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Automating Quantum System Mapping for Increased Stability

June 25, 2020 by Luke James

Using robotics research, Australian scientists have automated the mapping of quantum systems to understand the character of hardware errors, which helps to stabilize the technology.

Although new quantum computing architectures use qubits as sensors to provide actionable information that is useful for calibration or decoherence mitigation on neighboring data qubits, little work has been done to address how such schemes can be efficiently implemented to maximize information utilization. 

Now, as described in the journal Quantum Information on June 12, researchers at the University of Sydney in Australia have used techniques from autonomous vehicles (AVs) and robotics to assess the performance of quantum devices. This, they say, is an important process that will lead to a better understanding and stabilization of the emerging technology. 


Promising Results

According to the research team, their novel approach has been shown in experiments to outperform simplistic characterisation of these environments by three-fold, with a much higher result for more complex simulated environments. 

"Using this approach, we can map the 'noise' causing performance variations across quantum devices at least three times as quickly as a brute-force approach," said lead author Riddhi Gupta, a PhD student in the School of Physics. She added that the rapid assessment of the noise environment can help researchers to improve the stability of quantum devices.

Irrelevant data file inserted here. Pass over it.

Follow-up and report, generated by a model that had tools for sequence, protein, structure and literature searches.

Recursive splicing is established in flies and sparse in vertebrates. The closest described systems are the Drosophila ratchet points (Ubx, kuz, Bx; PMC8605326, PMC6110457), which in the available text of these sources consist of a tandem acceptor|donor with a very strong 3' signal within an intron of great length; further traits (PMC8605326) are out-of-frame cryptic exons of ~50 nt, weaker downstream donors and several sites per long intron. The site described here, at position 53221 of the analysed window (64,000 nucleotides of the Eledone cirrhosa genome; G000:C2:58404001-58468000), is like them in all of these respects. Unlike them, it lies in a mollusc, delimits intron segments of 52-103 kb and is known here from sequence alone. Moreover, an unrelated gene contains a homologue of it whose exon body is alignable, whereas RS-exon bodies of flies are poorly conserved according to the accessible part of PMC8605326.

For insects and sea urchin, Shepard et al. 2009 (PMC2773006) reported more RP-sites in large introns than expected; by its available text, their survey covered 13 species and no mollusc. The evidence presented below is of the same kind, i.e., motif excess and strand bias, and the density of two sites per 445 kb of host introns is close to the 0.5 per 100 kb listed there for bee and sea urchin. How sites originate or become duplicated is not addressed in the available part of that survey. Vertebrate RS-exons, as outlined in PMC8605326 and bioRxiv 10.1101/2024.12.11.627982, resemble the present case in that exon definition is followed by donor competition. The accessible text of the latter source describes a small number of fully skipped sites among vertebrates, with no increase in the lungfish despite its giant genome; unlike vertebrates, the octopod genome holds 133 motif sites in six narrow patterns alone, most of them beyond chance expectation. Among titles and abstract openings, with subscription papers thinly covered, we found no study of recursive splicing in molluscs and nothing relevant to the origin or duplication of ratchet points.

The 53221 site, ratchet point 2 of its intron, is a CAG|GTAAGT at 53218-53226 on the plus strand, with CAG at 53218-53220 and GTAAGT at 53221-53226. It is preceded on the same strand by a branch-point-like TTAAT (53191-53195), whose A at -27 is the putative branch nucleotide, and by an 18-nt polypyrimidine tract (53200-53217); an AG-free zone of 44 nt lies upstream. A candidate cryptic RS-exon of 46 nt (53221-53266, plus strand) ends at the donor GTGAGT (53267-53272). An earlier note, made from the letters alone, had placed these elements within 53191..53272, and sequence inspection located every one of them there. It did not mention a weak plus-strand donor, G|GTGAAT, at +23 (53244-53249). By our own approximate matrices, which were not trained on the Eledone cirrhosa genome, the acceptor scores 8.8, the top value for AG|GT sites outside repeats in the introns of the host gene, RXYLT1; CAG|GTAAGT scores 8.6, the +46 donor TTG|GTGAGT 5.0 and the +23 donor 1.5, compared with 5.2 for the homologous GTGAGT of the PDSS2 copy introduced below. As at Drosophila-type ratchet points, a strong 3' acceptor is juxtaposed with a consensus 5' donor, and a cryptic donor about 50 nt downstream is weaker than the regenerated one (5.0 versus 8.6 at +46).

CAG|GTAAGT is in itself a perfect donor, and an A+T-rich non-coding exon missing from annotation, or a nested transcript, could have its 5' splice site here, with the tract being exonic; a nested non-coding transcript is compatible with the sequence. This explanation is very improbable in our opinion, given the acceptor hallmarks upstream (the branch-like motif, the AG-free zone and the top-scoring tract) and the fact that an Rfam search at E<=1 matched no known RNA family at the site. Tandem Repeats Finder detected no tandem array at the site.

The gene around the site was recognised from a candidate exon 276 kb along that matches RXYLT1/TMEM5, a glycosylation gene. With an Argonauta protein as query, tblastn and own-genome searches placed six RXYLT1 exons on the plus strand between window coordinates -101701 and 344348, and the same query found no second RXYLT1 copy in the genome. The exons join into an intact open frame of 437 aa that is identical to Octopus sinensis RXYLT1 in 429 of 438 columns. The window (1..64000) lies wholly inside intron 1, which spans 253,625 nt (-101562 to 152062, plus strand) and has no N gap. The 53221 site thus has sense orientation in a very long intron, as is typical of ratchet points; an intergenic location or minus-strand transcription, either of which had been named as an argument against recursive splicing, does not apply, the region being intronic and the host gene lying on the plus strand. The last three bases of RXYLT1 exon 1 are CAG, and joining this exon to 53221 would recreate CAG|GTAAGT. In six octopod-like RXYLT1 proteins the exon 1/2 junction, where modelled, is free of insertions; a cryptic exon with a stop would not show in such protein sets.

Quantum computing is still very much an emerging technology, however, that has not stopped promises that it will be able to revolutionize technology beyond the scope of classical computing and our wildest dreams. One of the biggest challenges facing the development of quantum systems is not being able to overcome hardware imperfections.

Qubits—the basic units of quantum technology—are highly sensitive to environmental conditions and disturbance, such as electromagnetic noise. These cause performance variations and compromise their usefulness. 


Ion trap research.

An ion trap used for the research in the Sydney Nanoscience Hub Quantum Control Laboratory. Image credit: University of Sydney.


Inspired by Robotics

Gupta has also used techniques from classical estimation used in robotics systems and adapted these to improve hardware performance. "Our idea was to adapt algorithms used in robotics that map the environment and place an object relative to other objects in their estimated terrain," she said. "We effectively use some qubits in the device as sensors to help understand the classical terrain in which other qubits are processing information."

Robotics systems like those found in robot vacuum cleaners rely on simultaneous localisation and mapping algorithms so that they can map their environments and estimate their location relative to that environment. This enables them to move around efficiently. However, applying these algorithms to destroys the qubits’ quantum information.

Instead, Gupta and the Sydney team have developed an adaptive algorithm—“Noise Mapping for Quantum Architectures”—that measures the performance of a single qubit and uses this data to estimate the capabilities of nearby qubits. 

“Rather than estimate the classical environment for each and every qubit, we are able to automate the process, reducing the number of measurements and qubits required, which speeds up the whole process," Ms Gupta said.

Gupta’s doctoral supervisor and founder of the quantum technology company Q-CTRL, Professor Michael Biercuk, said that the work is an “exciting” demonstration of how robotics could be used to directly shape the future of quantum computing. 

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